The final challenge is working together with your alliance partner over a period of time, or indefinitely, to make sure that the targeted channel partners are aware of your alliance solution, they can generate demand for it, and they know how to sell it to their end-users. This will require continuous spending on resources and tools from both vendors. Alliance leaders will have to be able to report on ROI to justify that this project is worth continuing. 

 

How to overcome the challenges and align for a joint alliance go-to-market motion through the channel?

Alliance leaders have to understand their internal strategic goals and communicate them to their alliance partners to figure out how to align such a motion with each vendor’s strategic goals. An executive summary that ties how this strategy will help each vendor reach their C-suite targets will largely reduce the internal selling needed from both sides to get the ball rolling. 

 

It is also important to stress that this is not a one-time initiative. As the project evolves, alliance leaders should continuously report on ROI and keep realigning this project with the constantly changing strategies of each vendor.

 

To solve the challenge of identifying overlapping partners, Jay Mcbain suggests looking into double-blind mapping technology such as Reveal, Crossbeam, PartnerTap, or ecosystem mapping tools such as WorkSpan or TIDWIT (4). To run a “solution readiness” testing for the overlapping partners, both Jay McBain and Allan Adler agree on the importance of utilizing a solution such as PartnerOptimizer (5). When it comes to enabling the overlapping channel partners to generate demand for an alliance solution, Jay says that vendors should pair agency/concierge services with a Through-Channel-Marketing-Automation (TCMA) platform such as Channext (4).

 

Final words

It is not easy to collaborate with your alliance partners to build an integrated solution, come up with a joint-value proposition, and go to market with it through the channel. However, I believe there is massive value to be realized if executed correctly.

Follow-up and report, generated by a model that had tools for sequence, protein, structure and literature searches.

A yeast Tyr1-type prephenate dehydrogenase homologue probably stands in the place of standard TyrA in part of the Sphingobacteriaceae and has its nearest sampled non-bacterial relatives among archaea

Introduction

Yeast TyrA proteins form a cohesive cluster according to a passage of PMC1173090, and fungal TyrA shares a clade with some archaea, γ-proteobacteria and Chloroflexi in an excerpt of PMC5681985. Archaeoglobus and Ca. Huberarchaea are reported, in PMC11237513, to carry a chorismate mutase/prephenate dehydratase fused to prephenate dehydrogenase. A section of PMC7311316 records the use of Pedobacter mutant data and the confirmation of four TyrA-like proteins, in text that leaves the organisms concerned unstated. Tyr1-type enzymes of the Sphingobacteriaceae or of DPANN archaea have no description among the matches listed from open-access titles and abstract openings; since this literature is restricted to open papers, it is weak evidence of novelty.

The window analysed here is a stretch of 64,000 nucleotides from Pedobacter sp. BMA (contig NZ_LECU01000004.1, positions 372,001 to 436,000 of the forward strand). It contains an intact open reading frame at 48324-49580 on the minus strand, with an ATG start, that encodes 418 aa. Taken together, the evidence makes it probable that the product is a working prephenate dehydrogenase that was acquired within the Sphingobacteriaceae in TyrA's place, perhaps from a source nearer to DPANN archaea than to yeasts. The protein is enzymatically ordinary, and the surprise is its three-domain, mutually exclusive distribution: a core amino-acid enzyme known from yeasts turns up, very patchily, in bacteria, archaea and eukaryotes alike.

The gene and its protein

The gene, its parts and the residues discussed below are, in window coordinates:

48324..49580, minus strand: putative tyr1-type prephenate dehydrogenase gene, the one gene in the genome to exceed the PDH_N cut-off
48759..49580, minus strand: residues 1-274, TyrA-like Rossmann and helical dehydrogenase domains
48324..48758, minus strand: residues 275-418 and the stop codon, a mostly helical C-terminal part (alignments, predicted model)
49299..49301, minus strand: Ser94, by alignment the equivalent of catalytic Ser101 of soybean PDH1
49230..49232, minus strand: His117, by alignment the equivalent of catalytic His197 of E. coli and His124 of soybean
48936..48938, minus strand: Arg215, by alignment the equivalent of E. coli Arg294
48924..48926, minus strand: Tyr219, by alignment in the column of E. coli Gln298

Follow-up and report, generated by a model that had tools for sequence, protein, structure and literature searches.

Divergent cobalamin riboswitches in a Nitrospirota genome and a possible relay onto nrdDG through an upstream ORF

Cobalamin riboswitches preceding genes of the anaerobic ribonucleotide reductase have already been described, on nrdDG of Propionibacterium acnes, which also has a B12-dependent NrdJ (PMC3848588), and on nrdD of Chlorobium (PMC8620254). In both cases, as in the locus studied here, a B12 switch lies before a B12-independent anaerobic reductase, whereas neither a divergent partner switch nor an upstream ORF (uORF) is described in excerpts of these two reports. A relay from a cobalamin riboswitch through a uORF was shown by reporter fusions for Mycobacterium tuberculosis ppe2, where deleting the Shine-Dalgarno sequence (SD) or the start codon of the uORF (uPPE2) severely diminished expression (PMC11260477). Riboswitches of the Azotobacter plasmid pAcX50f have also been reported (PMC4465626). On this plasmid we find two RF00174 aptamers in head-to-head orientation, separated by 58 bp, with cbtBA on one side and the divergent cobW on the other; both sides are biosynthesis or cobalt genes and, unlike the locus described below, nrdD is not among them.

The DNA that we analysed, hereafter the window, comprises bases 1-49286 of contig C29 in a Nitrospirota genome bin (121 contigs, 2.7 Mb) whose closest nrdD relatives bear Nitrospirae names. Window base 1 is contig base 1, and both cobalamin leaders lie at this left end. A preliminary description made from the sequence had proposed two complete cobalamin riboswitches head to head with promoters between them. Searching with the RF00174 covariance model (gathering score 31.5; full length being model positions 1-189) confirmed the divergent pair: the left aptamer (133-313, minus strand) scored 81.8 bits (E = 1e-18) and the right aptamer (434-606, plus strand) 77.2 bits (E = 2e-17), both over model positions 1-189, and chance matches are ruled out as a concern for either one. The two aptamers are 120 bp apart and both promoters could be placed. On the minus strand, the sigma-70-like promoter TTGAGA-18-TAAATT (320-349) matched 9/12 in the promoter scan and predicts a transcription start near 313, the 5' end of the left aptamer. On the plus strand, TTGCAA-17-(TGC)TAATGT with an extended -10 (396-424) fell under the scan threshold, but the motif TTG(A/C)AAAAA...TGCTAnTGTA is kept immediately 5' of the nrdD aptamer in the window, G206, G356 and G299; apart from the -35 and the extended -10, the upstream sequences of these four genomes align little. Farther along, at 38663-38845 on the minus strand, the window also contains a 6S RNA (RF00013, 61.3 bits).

As the problems of end-users get more complex and the demand for integrated solutions increases, the vendors that master an alliance proposition will be the ones who will gain a competitive advantage. I urge channel leaders to initiate conversations with their alliances as soon as possible to explore how a joint alliance proposition through the channel could benefit their business.

 

  1. https://www.cnbc.com/2022/07/22/apple-carplay-could-be-a-trojan-horse-into-the-automotive-industry.html

  2. https://www.linkedin.com/pulse/smb-market-represents-44-all-tech-spend-80-jay-mcbain/

  3. https://www.linkedin.com/feed/update/urn:li:activity:7149016121566785537?commentUrn=urn%3Ali%3Acomment%3A%28activity%3A7149016121566785537%2C7149058924204150784%29&dashCommentUrn=urn%3Ali%3Afsd_comment%3A%287149058924204150784%2Curn%3Ali%3Aactivity%3A7149016121566785537%29

  4. https://www.linkedin.com/feed/update/urn:li:activity:7149016121566785537?commentUrn=urn%3Ali%3Acomment%3A%28activity%3A7149016121566785537%2C7149434372750798848%29&dashCommentUrn=urn%3Ali%3Afsd_comment%3A%287149434372750798848%2Curn%3Ali%3Aactivity%3A7149016121566785537%29

  5. https://www.linkedin.com/posts/efesenel_alliances-channelmarketing-activity-7149016121566785537-oHR0?utm_source=share&utm_medium=member_desktop 

  6. https://blog.hubspot.com/sales/nearbound-intelligence

Efe Senel 5 min

How Alliances can Leverage their Channel Partners to Go To Market with their Integrated Solution


Master joint alliances for integrated solutions through the channel with Efe Senel. Here's your guide to navigating challenges and gaining a competitive edge.